DENVER – The wife of Colorado's slain prisons chief says she could become enraged that a clerical error led to the early release of the parolee suspected in her husband's death, but she chooses not to make it a focus.
Lisa Clements said on CNN's "Anderson Cooper 360" Thursday that being angry won't bring back her husband.
Clements has said she and her husband were watching television the night of March 19 when the doorbell rang. Tom Clements was shot after answering the door.
Lisa Clements told CNN about the trauma of his death but provided no specifics about the shooting.
When asked what she wants people to know about her husband, Lisa Clements cited a Bible passage that describes light bursting through when darkness "overtakes the godly."
"I think that scripture captures exactly what I would like people to know about Tom. That that horrific night and, you know, the sound of that doorbell and all that happened was just unmentionable darkness," she said. "But I trust that people will see light coming through. They'll see that a man lived a good life and people's lives were impacted by that."
Tom Clements joined the Colorado Department of Corrections in January 2011. His wife is a psychologist who oversees Colorado's state mental health institutes.
Lisa Clements has said her husband of 28 years believed in the human capacity to change for the better and be "redeemed."
"Tom loved to say that 97 percent of folks in prison will be our neighbors one day," Lisa Clements told KUSA. "That was part of his everyday belief."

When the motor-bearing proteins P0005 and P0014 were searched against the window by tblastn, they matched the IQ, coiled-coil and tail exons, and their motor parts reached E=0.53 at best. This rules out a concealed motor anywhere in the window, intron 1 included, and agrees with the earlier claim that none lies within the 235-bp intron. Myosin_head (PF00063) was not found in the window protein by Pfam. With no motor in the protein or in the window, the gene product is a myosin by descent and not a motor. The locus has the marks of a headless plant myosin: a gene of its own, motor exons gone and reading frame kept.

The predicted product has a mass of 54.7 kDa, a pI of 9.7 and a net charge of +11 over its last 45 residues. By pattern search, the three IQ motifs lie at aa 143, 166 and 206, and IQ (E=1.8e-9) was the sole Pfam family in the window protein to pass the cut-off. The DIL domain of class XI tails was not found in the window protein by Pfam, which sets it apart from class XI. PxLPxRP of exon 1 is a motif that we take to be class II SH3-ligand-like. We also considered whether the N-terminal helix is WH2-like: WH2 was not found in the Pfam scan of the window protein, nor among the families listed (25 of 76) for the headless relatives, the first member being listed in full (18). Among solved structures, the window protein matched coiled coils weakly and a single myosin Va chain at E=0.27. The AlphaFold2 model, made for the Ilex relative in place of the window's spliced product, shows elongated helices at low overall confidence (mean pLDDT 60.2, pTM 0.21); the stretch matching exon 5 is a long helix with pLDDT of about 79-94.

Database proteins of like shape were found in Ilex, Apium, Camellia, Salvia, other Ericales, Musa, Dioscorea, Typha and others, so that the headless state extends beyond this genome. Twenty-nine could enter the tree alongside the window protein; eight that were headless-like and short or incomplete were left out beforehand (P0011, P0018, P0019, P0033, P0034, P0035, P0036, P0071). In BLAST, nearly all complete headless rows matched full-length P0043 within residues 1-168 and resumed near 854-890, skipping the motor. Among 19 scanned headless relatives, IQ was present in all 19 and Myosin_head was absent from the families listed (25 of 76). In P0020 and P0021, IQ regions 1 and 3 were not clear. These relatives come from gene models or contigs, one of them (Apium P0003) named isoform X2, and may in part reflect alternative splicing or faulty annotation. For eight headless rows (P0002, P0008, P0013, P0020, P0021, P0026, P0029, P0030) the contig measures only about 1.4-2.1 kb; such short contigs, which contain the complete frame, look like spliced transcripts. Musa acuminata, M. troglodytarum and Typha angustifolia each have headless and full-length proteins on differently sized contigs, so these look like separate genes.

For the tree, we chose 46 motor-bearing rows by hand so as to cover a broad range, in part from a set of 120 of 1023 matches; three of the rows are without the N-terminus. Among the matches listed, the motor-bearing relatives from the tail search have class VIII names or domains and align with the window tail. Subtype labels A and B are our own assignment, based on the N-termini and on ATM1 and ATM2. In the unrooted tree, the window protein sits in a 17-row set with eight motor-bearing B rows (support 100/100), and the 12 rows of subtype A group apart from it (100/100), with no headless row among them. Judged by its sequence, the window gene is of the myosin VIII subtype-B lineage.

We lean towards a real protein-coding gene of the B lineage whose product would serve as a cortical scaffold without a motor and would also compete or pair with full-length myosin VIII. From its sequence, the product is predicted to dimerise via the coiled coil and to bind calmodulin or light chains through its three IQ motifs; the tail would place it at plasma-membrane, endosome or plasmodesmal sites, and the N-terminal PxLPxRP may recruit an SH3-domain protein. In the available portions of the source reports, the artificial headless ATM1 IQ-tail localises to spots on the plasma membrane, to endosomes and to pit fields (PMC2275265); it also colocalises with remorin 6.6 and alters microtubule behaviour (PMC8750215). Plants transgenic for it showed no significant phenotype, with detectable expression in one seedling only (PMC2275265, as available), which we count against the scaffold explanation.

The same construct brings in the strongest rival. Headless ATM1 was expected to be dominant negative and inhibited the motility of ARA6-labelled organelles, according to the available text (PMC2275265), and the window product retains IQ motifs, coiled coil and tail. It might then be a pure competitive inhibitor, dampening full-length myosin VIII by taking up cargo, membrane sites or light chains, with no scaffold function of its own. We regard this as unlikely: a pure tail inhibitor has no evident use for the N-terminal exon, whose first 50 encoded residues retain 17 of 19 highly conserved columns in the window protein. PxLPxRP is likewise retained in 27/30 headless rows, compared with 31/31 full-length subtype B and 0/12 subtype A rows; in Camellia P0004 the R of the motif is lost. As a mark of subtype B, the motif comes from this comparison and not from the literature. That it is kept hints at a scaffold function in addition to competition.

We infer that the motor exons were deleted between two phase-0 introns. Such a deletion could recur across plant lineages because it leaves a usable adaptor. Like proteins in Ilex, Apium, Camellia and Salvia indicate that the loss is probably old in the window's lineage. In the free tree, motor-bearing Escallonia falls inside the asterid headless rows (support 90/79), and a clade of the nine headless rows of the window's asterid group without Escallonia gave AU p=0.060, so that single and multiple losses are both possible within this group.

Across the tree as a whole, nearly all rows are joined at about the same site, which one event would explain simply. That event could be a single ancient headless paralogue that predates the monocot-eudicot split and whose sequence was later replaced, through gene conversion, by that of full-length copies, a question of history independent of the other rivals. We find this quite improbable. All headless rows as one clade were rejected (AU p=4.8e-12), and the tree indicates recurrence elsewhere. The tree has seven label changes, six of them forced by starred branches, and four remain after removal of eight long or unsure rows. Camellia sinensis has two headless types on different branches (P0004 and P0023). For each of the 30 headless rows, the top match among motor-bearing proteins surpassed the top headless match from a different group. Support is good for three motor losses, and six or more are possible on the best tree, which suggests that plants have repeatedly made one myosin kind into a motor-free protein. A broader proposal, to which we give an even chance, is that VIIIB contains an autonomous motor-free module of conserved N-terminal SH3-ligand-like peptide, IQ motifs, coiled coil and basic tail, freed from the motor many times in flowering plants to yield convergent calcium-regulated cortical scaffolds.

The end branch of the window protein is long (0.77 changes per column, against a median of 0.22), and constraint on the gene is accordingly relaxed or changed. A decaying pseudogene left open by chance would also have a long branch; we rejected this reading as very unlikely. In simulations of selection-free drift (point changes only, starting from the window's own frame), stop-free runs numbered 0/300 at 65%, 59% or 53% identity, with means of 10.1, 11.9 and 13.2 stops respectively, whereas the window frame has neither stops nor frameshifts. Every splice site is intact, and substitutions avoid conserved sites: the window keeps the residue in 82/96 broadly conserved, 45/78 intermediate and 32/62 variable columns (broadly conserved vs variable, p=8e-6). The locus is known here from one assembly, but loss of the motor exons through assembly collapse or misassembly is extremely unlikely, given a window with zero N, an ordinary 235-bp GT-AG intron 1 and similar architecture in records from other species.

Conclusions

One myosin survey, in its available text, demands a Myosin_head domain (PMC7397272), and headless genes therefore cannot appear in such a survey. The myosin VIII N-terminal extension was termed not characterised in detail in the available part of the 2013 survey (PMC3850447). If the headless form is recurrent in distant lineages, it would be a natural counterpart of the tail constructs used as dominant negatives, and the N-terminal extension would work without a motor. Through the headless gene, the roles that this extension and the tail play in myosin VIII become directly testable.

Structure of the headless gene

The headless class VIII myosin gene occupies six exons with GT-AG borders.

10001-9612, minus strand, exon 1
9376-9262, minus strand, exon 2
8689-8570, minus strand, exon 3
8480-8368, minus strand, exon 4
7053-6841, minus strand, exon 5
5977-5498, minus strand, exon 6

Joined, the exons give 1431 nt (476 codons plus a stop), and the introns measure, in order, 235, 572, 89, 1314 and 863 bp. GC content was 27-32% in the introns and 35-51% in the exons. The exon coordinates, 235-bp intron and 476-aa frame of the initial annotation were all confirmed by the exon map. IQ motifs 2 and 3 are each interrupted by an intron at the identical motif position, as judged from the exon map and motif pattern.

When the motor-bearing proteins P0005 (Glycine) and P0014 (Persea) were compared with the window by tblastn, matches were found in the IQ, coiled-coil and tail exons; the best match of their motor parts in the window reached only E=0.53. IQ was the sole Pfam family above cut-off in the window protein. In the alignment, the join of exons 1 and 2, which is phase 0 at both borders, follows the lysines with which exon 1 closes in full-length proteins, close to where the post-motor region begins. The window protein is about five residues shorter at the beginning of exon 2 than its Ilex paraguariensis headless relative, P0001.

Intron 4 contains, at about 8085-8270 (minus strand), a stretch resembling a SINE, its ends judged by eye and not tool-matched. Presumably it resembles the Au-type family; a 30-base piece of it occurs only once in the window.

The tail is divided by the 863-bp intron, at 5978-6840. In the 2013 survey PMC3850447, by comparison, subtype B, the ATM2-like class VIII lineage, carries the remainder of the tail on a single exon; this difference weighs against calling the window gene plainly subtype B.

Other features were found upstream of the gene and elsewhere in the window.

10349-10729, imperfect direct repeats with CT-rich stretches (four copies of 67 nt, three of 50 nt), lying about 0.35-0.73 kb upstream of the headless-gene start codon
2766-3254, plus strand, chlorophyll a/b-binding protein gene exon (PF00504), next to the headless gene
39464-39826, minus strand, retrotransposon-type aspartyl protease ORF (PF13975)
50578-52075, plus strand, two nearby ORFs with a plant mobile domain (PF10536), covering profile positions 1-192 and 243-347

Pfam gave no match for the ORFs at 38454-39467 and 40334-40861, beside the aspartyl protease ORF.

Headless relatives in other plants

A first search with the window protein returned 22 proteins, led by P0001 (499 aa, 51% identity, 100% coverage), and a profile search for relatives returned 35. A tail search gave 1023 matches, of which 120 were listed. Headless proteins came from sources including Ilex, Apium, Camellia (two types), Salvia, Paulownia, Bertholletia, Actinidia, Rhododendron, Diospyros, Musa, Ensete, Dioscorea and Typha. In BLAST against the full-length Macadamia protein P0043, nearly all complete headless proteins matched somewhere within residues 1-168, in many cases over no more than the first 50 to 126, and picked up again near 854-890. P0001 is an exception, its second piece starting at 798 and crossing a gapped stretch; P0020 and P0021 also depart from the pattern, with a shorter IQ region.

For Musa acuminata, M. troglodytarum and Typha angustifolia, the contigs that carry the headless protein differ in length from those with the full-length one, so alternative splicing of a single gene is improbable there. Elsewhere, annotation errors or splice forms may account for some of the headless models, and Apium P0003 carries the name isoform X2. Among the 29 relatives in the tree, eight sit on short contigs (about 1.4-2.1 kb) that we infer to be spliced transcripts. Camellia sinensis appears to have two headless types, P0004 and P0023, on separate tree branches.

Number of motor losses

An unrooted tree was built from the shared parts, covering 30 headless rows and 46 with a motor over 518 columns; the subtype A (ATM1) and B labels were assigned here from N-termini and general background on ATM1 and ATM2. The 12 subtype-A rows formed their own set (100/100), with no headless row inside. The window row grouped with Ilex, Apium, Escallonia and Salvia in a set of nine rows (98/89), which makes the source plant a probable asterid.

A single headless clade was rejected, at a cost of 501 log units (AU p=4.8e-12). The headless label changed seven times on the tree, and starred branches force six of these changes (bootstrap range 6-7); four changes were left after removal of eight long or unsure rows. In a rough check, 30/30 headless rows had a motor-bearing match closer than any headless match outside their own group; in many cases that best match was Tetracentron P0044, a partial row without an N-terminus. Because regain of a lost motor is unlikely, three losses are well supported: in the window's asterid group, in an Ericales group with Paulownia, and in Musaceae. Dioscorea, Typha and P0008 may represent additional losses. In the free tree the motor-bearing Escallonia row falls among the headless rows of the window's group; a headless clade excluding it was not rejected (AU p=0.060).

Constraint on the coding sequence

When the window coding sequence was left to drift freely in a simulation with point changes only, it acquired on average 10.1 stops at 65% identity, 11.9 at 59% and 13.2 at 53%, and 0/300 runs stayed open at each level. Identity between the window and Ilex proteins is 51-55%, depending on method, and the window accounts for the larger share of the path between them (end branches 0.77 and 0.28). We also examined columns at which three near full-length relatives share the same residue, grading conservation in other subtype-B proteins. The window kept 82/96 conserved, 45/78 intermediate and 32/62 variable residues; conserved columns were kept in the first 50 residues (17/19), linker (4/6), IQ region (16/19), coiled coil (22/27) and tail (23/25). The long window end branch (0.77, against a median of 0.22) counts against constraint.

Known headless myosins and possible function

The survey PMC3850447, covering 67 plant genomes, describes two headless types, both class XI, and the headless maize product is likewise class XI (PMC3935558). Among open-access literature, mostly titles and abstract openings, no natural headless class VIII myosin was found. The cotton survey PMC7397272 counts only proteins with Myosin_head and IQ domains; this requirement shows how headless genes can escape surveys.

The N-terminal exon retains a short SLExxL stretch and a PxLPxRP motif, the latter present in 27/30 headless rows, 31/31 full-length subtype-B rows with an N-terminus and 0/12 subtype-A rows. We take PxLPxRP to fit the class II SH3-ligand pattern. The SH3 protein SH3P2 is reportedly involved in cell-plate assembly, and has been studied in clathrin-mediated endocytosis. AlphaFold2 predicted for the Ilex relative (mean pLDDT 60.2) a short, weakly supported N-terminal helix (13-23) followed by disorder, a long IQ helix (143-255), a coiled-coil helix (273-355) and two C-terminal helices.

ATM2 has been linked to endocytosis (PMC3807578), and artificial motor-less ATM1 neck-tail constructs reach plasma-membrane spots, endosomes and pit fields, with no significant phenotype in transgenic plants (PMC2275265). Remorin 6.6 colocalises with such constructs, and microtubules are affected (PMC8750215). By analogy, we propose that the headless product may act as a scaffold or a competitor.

The man suspected in Clements' death, Evan Ebel, was released from in January, four years earlier than prosecutors intended.
Ebel was sentenced to a combined eight years in prison for a series of assault and menacing convictions in 2005. He was supposed to serve a four-year sentence on top of that after assaulting a prison officer. But because a judge didn't say the sentence was to be served after his original term was finished, Ebel's new sentence was recorded as running simultaneously.
"For the rest of my days, I could be angry that someone made a mistake and didn't capture what a judge conveyed verbally, but it won't bring Tom back and it's — and then my life is lost in that and my ability to be a good mother to my children, so, so I choose not to make it a focus," Lisa Clements told CNN.
Denver police suspect Ebel also was involved in the killing of pizza deliveryman Nathan Leon, whose body was found two days before Tom Clements was killed.
Ebel died after a March 21 shootout with Texas authorities.
Investigators have said they don't know whether a pizza box and Domino's Pizza uniform found in his car were used to get Clements to open his front door.
Clements' wife and two daughters said they want to focus on Clements' life.
"I think I would like people to see how he lived his life, and that that is so much more important than how he died," daughter Rachel Clements told CNN. "He lived his life with such passion and compassion for other people."